Arguably one of the largest challenges a head coach may face at the University of Notre Dame is to keep pace with the speed of recruiting at an institution that values tradition and reflects before reacting. The university opts for a skeptical approach to change, preferring to dip its toe into new waters even if the majority has already dived in.
The old guard of recruiting strategy involved a program’s spring game, a tradition Notre Dame has held for 85 years. Spring games have helped many a team with recruiting and still do. Alabama made national headlines after landing four elite recruits at its annual A-Day game, a major piece in its seemingly unstoppable recruiting machine. But times change, and programs are constantly evolving to secure an edge.
In 2005 Florida Gators head coach Urban Meyer altered the landscape when he created Florida’s Friday Night Lights camp. Previously college programs would invite high school prospects to campus to work out in front of the coaching staff to potentially earn a scholarship offer, but Urban Meyer changed the paradigm by creating a massive event. Florida’s coaching staff scoured the very best talent and invited them all to a workout event held under the lights of Ben Hill Griffin Stadium. Music blares throughout the venue as highlight reels of Florida’s glory days are looped onto the jumbotron, all while recruits bond and showcase their skills to the coaching staff and one another. The success of Urban Meyer’s brainchild has caused a ripple effect throughout college football recruiting.
Florida’s Alligator Army publication calls the Friday Night Lights event “one of the most important days of the recruiting calendar” and it shows in the results. For the recruiting class of 2013 the Florida Gators held 20 commitments by July, nearly completing their entire recruiting class seven months prior to national signing day. The secret to Florida’s success lies with the opportunity for recruits to bond with one another as well as current players.
“You can hear coach speak stuff from the coaches. They can tell you all you want. ‘Our school is the greatest,’ this and that,” says Derek Tyson, Florida Gators beat writer for ESPN. “The fact is when you hear from the other recruits and the other guys who are going through the same process that you’re going through and you can hear why they chose Florida, I think that weighs more on them than anything else in the whole process. It’s huge to have all the commits down there at one time.”
The overwhelming success of Florida’s Friday Night Lights camp has spurred numerous alterations from programs all over the country, from Georgia to Ohio State, where Urban Meyer is currently the head coach. Texas A&M has created its own event which it also calls Friday Night Lights, and it entails a spring football scrimmage under the lights of Kyle Field and is open to recruits as well as the general public. The most recent Friday Night Lights event secured an offensive line commitment for the Aggies that is drawing comparisons to famed Ole Miss standout Michael Oher.
Michigan established a similar recruiting event under former head coach Rich Rodriguez that continues to this day called BBQ at the Big House. The event is held late in May and offers recruits and their families an opportunity to meet Michigan’s coaching staff and current players in a relaxed, laid back atmosphere. The event is largely responsible for Michigan head coach Brady Hoke’s best recruiting classes since taking over in Ann Arbor.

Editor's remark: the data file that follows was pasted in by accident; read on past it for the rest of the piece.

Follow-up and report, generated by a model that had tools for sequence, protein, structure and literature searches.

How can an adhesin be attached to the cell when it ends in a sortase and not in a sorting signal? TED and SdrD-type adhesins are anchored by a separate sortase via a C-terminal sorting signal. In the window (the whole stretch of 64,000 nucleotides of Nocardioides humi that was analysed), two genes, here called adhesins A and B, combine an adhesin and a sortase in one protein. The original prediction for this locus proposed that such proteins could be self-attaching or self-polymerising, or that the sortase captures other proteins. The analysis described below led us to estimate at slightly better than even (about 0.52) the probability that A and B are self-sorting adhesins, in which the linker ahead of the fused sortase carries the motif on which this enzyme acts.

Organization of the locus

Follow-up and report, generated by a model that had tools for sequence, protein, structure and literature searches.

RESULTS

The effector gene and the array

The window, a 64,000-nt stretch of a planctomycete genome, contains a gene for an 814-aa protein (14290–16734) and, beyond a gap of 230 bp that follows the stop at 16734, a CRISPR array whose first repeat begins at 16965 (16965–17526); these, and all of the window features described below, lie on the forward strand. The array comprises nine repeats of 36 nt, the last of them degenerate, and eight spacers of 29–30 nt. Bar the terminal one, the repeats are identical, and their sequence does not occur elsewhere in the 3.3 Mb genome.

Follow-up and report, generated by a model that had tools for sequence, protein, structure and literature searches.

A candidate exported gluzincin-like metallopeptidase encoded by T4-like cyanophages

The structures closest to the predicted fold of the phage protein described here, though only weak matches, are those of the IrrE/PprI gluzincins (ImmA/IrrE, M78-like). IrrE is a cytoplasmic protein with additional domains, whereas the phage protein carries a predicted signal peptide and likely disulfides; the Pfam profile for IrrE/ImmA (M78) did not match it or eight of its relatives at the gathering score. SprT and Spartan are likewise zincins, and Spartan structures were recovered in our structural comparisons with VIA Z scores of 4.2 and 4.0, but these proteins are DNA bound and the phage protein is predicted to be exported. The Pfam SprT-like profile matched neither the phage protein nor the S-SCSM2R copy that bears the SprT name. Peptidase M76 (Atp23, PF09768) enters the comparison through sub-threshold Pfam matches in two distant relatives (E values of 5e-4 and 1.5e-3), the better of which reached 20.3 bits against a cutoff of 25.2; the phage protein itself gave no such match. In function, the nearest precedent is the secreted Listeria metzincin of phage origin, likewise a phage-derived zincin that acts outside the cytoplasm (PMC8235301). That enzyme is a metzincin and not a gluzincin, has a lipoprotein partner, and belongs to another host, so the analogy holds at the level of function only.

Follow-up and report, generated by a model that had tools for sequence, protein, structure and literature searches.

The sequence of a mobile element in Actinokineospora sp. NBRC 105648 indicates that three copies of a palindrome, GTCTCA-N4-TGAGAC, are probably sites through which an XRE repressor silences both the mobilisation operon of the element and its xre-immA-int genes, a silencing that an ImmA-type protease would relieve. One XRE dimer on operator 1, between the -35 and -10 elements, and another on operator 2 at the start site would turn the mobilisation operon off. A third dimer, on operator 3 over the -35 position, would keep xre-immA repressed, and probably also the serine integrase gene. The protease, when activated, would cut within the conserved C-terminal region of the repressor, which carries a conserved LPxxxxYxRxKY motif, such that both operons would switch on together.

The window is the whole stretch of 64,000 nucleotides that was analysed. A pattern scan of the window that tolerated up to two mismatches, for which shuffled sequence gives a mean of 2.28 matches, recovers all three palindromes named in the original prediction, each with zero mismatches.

Notre Dame is finally ready to test the waters with Brian Kelly’s version of Florida’s Friday Night Lights, one the Fighting Irish are calling the “Irish Invasion” camp taking place June 20-22. The objective for the Irish Invasion is to create a similar bonding experience from Florida and Michigan’s events but in a different manner. Rather than working out for the coaching staff at night inside a stadium or hosting a barbeque, Notre Dame is attempting to create a camp competition where only the very elite participate, which is why the Irish Invasion will be by invitation only.
To date Notre Dame’s “elite only” gamble is paying dividends. The best of Notre Dame’s current commitments – quarterback Blake Barnett and offensive lineman Tristen Hoge – will be in attendance as well as a host of the nation’s best high school recruits. A pair of blue chip linebackers are expected to attend in Tevon Coney and Adonis Thomas. Coney is a Rivals 4-star and Florida native with national offers from the likes of Auburn, Florida and Miami. Thomas, a Georgia native, is also a Rivals 4-star and one that Notre Dame defensive coordinator Brian VanGorder has recruited with gusto. Thomas boasts offers from Alabama, Florida State and LSU.
Notre Dame is also expecting 4-star defensive lineman Natrez Patrick to be in attendance, which would represent a major coup for the Fighting Irish. Natrez holds offers from nearly every program in the country, including Alabama, Auburn and Texas. Word leaking out of Florida is that 4-star running back and Orlando native Jacques Patrick may also attend next month’s camp thanks to the tireless work of Notre Dame leading recruiter, Tony Alford. The Sunshine State running back has a national offer list and is coveted by historic powerhouses Alabama, Texas and USC.
The Irish Invasion camp represents Notre Dame dipping its toe into new recruiting waters nine years after Florida originally created its Friday Night Lights event. The success of the camp will play a very important role in defining the future of Notre Dame’s recruiting efforts, and all eyes should be kept on its progress.
Scott Janssen is a blogger for the Huffington Post and has authored several nationally-featured articles, including an appearance on MSNBC as a sports contributor. He talks football 24 hours a day, much to the chagrin of his fiancée. Scott can be reached at firstname.lastname@example.org.